The Modern Medical Student Manual: A book review

Chris Lovejoy’s book ‘The Modern Medical StudentManual’ [1] combines personal anecdote and a philosophical approach that stands out for the shortness of its natureand the uniqueness of its disposition. There is something to be said for a short guide for medical students written by a recently graduated Foundation Year doctor. While the book occasionally falls short of the easy ebb and flow of other authors in the field, and perhaps, at times, attempts to stretch beyond its reach, it more than makes up in the authenticity of its voice and the quality of its personal reflection.

The Cambridge Medicine Journal’s guide to summer research projects


1. Research projects – the basics

A reasonable time for a research project is about 8 weeks – this will give you plenty of time to settle down, become familiar with the lab and the field, and (hopefully) get plenty of data! There are two ways of organising projects, organising your own, or applying for a research programme, and they each have distinct pros and cons.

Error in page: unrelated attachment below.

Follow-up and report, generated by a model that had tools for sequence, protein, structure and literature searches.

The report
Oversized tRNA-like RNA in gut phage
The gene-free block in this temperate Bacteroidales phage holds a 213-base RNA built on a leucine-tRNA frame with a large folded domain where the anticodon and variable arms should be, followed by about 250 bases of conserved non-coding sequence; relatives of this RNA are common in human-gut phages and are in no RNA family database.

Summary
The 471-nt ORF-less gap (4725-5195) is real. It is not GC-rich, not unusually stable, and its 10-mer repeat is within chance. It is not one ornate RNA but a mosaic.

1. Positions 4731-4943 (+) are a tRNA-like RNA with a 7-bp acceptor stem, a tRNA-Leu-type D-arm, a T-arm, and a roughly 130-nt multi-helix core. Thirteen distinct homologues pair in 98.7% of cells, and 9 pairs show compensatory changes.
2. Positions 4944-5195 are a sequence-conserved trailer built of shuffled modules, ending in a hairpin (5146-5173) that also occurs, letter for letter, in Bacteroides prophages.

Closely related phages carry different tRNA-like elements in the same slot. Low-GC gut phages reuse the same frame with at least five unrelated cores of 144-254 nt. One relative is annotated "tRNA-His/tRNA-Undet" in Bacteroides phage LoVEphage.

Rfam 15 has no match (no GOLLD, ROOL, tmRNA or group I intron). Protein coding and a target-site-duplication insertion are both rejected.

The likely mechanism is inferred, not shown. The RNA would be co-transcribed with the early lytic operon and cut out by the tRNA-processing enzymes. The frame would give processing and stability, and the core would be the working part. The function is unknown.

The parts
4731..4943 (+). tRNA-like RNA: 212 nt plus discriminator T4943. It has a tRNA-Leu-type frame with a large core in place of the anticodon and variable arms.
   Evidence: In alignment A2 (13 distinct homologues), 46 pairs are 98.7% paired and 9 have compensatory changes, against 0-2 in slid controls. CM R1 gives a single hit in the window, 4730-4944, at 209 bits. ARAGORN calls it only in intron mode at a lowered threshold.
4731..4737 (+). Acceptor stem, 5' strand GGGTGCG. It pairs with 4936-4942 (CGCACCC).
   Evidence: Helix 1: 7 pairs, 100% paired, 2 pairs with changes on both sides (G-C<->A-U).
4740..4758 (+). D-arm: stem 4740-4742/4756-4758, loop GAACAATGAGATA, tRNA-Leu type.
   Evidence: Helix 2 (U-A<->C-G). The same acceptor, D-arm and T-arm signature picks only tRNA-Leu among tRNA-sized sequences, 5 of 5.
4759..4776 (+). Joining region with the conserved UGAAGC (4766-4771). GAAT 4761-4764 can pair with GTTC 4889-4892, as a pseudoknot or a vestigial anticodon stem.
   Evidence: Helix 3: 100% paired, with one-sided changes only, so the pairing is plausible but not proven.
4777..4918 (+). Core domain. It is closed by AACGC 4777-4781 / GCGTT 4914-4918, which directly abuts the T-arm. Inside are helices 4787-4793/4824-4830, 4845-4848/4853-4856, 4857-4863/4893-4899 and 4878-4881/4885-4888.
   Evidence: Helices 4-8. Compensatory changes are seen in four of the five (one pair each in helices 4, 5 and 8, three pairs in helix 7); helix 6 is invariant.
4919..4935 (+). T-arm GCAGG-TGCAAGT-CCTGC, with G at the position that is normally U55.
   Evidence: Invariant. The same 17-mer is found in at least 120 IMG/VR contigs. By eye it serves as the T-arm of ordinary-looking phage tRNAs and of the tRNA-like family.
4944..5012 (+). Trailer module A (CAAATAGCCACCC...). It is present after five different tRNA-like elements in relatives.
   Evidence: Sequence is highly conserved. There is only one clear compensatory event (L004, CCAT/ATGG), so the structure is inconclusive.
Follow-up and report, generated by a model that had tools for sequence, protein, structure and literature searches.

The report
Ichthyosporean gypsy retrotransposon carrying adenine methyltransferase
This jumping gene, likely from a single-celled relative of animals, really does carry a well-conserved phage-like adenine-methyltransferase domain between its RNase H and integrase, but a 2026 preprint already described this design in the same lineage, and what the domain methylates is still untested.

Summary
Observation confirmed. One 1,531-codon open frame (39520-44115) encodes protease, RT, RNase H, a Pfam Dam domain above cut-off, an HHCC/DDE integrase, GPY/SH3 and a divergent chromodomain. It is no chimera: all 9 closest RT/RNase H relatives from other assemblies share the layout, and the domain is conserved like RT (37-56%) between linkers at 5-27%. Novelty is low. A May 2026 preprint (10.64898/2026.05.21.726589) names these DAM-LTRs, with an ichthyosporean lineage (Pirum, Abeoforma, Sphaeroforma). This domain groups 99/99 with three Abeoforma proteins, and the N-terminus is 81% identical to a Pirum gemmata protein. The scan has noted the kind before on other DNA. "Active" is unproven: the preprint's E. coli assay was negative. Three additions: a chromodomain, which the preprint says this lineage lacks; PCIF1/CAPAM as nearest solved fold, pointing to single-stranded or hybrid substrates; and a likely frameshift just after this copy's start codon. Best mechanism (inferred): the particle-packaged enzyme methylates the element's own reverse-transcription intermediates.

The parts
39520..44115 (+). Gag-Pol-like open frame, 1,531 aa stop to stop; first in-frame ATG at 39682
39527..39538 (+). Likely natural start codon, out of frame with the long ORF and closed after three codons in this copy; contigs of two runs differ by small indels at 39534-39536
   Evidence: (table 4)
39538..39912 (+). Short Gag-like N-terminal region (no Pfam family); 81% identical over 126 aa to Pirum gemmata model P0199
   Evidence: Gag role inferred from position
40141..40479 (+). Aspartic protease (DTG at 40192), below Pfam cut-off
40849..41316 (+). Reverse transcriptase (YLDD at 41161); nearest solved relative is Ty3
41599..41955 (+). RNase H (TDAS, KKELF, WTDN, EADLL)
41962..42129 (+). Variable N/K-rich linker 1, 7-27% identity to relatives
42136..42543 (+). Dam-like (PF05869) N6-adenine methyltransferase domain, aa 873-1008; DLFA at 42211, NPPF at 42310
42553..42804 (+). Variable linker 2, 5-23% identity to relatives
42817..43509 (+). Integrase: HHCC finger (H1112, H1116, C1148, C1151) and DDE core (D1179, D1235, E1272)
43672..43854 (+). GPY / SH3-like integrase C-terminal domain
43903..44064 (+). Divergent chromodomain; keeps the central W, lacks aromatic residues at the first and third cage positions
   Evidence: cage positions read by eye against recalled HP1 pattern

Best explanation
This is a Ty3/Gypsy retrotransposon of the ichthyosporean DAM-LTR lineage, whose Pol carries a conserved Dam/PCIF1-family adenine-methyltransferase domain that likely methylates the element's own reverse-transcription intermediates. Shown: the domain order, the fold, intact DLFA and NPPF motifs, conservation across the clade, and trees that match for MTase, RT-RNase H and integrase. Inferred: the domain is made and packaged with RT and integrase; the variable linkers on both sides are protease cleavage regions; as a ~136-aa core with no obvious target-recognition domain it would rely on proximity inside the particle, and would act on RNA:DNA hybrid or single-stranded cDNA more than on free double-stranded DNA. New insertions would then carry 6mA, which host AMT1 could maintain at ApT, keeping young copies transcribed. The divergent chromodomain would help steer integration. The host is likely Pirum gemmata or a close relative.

What will British healthcare look like in 20 years' time?

At 8:40am, a medical student named Derek entered the doctor’s office on the Enhanced Recovery post-op ward and sat down by a computer. Two of the foundation doctors, Amir and Sarah, looked up to acknowledge his presence before continuing their preparation for the imminent ward-round. Derek was feeling pro-active so he grabbed the office’s VR headset and looked up which operations were currently being streamed. To his delight, a patient undergoing a spinal reconnection had consented for educational streaming and the operation had started 40 minutes ago.